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(Full video and transcripts available at the Official DNC Convention website.)

Tuesday’s convention theme was “Renewing Americas’ Promise”, but with it being the 88th anniversary of the passage on the 19th Amendment granting women the right to vote, and with it being the night of Hillary’s big speech, women seemed to dominate the stage more than men.

Following a surprisingly hard-hitting opening speech by (of all people) House Majority Leader Steny Hoyer, the most camera face-time was granted to women speakers such as Governor Kathleen Sebelius of Kansas; Governor Janet Napolitano of Arizona; Katherine Marcano, a Cedar Rapids, Iowa flood victim; Anna Burger, Officer with SEIU & 1st Chair of America’s newest labor federation, “Change to Win”; Pauline Beck, a Homecare worker & member of SEIU from Oakland, California; and The Honorable Janet Napolitano, Governor of Arizona.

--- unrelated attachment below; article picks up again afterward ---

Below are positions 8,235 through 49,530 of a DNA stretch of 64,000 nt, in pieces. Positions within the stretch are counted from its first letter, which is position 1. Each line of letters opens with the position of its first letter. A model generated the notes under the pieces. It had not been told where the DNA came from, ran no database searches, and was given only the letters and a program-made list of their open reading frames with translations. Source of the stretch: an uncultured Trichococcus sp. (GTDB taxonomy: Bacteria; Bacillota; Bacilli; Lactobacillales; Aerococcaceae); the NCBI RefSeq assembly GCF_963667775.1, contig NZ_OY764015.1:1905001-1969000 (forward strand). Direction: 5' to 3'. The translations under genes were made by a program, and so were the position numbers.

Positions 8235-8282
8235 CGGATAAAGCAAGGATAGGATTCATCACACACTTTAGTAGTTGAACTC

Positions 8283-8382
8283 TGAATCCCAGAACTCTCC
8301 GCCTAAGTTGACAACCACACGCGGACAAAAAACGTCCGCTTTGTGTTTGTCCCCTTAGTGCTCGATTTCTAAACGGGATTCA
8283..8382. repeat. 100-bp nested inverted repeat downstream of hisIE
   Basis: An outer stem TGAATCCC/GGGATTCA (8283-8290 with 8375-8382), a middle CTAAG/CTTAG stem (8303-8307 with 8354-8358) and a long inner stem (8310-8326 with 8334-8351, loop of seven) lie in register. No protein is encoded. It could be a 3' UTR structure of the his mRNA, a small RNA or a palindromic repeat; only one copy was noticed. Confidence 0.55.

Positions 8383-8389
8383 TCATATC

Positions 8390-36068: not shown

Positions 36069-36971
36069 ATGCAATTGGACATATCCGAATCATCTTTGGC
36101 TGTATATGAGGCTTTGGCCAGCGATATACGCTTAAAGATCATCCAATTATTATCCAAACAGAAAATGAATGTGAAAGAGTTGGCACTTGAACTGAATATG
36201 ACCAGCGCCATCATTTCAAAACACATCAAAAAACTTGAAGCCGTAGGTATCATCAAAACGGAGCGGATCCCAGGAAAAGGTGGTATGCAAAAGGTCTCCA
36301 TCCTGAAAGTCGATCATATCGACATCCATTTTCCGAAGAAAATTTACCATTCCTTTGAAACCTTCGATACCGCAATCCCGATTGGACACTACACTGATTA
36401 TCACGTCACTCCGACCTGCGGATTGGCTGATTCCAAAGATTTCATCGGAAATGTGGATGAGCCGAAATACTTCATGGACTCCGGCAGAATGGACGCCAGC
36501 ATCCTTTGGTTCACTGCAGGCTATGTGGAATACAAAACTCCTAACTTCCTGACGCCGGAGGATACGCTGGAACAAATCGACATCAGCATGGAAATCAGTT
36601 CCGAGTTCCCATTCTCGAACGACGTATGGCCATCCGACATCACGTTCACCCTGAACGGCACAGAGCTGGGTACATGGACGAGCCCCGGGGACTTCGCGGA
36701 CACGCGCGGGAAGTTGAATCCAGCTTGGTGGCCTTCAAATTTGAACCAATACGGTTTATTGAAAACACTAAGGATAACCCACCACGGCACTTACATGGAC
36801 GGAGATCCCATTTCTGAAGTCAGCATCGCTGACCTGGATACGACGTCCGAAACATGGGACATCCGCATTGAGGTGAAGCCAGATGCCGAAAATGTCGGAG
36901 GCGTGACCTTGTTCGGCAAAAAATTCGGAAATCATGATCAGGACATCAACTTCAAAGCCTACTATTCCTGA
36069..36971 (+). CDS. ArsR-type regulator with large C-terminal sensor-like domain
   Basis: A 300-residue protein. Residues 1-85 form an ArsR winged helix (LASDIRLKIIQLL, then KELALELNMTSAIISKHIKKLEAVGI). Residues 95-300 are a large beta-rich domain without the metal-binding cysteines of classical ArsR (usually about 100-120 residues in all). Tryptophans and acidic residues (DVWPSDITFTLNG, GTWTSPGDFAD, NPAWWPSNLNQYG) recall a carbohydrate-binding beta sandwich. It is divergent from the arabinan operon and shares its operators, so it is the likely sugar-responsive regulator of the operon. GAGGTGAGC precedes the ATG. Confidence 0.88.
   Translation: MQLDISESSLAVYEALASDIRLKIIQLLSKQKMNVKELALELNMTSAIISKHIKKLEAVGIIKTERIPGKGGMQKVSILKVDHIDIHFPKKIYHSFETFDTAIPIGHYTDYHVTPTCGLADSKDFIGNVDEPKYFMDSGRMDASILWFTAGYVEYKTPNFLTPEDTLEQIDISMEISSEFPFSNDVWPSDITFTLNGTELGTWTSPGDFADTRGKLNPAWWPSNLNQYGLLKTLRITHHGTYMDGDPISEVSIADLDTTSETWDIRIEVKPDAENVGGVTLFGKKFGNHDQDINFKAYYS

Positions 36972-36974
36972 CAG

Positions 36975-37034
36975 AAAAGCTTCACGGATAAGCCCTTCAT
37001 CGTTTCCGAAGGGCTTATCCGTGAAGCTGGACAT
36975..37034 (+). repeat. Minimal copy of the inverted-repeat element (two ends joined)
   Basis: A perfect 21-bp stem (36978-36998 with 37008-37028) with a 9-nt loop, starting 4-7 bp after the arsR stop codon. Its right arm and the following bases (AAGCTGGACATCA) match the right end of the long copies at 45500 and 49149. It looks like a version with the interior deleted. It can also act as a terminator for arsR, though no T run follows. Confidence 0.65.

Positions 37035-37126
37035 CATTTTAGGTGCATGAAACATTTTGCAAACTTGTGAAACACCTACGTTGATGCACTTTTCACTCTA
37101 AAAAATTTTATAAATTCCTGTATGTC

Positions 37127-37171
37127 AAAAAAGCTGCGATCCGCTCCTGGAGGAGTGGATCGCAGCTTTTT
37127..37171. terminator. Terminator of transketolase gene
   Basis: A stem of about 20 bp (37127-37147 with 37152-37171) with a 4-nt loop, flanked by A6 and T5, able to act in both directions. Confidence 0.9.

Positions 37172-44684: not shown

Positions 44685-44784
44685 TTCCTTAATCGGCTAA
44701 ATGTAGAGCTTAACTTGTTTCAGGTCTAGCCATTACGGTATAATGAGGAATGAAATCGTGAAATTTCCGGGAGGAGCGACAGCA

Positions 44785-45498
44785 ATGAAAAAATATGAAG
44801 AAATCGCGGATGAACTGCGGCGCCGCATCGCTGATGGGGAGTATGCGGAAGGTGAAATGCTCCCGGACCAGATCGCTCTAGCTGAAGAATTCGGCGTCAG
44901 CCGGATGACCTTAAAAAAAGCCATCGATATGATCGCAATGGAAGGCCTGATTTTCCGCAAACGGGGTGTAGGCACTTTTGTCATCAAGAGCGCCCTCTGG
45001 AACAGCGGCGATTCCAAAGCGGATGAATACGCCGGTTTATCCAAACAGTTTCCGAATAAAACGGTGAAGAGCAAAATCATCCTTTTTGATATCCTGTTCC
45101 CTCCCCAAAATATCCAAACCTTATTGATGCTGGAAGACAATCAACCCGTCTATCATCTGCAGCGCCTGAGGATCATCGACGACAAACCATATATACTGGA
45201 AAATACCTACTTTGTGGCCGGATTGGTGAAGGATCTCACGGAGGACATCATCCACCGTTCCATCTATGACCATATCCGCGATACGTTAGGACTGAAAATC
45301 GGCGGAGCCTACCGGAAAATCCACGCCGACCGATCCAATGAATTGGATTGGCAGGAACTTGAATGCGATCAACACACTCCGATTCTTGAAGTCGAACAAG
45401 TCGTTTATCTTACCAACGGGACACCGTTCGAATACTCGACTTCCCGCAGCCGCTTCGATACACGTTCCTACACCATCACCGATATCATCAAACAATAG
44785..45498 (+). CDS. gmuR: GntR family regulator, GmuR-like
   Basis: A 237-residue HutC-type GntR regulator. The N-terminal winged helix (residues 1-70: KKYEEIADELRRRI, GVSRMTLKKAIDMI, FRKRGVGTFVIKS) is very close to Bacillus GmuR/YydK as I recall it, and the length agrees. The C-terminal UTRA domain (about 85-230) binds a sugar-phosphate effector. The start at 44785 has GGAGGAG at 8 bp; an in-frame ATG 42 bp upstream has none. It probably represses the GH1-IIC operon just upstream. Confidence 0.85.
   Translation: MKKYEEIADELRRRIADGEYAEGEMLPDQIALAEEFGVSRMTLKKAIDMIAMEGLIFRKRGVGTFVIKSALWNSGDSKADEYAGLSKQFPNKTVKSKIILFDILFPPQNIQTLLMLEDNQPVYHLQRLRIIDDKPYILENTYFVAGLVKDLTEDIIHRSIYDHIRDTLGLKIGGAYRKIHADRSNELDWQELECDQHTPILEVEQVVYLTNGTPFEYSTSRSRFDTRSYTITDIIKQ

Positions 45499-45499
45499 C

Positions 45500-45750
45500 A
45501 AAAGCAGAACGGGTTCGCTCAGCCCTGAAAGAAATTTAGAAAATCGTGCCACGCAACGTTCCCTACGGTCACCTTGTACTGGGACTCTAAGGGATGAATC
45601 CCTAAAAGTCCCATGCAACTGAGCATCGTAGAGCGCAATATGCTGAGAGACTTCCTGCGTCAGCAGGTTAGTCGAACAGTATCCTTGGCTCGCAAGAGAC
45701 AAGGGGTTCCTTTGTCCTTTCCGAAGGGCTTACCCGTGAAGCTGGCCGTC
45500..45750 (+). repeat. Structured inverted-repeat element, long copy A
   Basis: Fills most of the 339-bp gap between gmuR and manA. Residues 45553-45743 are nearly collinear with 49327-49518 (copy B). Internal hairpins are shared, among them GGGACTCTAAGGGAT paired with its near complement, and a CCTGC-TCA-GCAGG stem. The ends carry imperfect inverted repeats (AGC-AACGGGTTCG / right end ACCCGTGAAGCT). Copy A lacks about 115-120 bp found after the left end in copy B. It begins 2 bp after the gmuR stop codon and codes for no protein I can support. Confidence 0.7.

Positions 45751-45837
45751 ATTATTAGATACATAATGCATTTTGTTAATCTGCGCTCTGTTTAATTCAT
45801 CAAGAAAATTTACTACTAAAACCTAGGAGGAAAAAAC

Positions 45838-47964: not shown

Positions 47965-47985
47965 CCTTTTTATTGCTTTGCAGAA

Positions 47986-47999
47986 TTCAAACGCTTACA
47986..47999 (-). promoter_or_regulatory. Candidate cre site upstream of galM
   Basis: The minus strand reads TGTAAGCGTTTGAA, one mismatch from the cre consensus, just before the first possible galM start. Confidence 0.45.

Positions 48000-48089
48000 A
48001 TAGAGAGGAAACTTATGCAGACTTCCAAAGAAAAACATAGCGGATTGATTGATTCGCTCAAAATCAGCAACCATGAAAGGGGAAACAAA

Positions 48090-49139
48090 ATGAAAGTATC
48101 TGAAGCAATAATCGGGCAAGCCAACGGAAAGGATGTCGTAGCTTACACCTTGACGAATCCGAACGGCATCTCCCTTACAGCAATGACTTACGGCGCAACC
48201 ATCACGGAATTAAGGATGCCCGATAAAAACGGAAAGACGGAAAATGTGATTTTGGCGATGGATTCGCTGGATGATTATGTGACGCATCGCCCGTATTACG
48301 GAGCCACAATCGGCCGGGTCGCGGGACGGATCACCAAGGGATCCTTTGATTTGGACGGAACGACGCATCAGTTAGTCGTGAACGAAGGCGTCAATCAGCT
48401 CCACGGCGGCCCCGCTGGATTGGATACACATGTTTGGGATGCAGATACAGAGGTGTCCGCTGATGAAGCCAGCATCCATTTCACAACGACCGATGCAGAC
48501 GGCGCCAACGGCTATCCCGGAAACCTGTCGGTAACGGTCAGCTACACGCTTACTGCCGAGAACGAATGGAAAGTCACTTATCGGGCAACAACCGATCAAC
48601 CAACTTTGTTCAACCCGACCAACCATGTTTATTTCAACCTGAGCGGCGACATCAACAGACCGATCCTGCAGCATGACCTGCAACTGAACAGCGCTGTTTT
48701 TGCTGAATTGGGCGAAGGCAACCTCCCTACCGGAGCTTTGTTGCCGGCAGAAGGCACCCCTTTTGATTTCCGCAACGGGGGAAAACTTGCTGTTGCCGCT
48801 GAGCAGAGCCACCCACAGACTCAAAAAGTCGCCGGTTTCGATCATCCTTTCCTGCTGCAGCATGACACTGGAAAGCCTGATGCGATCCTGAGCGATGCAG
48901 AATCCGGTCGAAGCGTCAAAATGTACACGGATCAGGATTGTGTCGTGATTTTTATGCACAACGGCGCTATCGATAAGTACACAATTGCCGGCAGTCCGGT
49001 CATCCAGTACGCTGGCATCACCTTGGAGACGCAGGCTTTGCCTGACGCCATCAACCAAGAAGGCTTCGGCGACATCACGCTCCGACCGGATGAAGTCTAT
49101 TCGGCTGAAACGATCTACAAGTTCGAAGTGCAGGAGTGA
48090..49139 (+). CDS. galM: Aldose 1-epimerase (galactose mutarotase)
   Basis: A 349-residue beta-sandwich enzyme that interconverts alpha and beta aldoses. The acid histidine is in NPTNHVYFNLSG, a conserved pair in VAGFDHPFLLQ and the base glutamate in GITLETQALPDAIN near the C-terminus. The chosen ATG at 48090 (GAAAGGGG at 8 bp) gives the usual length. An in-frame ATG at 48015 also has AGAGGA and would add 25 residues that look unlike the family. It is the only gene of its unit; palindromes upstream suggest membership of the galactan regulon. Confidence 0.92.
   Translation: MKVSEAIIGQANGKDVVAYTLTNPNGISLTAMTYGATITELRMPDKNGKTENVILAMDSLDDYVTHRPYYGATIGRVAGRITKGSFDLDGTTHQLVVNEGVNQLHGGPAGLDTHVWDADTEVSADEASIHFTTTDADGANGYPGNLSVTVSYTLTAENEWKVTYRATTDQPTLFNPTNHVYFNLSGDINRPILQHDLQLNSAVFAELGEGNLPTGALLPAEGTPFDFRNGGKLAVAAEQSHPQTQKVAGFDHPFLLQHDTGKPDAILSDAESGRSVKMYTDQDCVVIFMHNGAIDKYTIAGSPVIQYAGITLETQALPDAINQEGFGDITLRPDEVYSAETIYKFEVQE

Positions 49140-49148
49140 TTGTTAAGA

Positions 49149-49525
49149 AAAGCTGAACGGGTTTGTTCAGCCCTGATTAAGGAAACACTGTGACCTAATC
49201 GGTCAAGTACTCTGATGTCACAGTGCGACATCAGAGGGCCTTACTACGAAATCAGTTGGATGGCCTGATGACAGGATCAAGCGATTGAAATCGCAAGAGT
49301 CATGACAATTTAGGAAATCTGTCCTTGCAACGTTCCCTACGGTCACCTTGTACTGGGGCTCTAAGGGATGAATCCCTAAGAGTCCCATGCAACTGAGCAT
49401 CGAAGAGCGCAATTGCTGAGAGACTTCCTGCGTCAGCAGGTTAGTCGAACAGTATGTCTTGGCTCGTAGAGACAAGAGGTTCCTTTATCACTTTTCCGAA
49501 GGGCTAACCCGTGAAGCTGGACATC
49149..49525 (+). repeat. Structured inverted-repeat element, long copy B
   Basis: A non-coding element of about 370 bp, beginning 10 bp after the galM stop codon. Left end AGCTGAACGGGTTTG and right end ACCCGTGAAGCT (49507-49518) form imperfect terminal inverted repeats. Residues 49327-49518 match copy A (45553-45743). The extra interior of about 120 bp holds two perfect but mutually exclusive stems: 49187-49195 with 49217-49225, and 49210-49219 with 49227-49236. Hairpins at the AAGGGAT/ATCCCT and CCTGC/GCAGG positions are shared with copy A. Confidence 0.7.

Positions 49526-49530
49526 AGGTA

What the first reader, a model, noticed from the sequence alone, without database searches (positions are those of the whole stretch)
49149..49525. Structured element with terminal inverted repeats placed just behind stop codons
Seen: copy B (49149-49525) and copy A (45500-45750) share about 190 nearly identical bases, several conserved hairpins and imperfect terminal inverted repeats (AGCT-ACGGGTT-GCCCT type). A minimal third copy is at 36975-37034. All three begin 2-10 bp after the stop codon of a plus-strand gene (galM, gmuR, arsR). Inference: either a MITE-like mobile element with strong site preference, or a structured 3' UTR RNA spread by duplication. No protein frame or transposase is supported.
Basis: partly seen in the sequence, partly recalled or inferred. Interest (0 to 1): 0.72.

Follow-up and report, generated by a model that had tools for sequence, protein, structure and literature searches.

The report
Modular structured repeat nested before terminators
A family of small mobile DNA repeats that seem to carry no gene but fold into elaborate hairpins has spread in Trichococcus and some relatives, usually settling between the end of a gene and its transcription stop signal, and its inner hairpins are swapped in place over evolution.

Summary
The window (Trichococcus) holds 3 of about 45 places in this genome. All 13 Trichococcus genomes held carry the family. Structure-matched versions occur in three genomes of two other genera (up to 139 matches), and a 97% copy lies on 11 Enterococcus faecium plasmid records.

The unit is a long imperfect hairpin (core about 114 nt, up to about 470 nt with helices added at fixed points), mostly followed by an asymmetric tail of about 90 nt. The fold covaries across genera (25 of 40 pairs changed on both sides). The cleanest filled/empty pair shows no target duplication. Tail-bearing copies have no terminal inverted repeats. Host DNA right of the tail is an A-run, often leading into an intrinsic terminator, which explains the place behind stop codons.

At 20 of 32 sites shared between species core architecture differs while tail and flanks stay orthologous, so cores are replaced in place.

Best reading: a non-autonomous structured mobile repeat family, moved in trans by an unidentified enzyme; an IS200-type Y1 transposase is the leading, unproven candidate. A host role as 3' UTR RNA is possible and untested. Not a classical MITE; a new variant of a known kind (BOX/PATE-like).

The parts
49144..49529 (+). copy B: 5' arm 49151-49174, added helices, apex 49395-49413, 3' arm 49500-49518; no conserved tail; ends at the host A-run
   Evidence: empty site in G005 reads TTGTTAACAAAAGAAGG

One speech worthy of special mention was that of Gloria Craven, a laid-off North Carolina textile worker with huge medical bills. Not an elected official or leader of any organization, and by my initial impression, looked like a mistake to have such a large, heavy-set woman in a faded blue mu-mu address a national audience with a thick Southern accent. But she then related the story of how, after working in a textile mill for 30 years, her company went bankrupt and 8,000 employees suddenly found themselves without a job. She developed medical problems, but with no insurance and little savings, she could not afford medical attention. Most people in her town never finished High School, but when the mill closed down, President Bush told everyone to “go back to school” (presumably college). Both her and her 62 year old husband did, but not everyone has the time or the money to go back to school, and there aren’t a lot of opportunities for people in their 60’s just starting out in a new trade. This was a very personal story from someone that I think many Americans can identify with. While you can expect the Republicans to put on their own parade of people telling us just how well they are doing in the Bush economy, that’ll go over like a lead balloon because most Americans know better.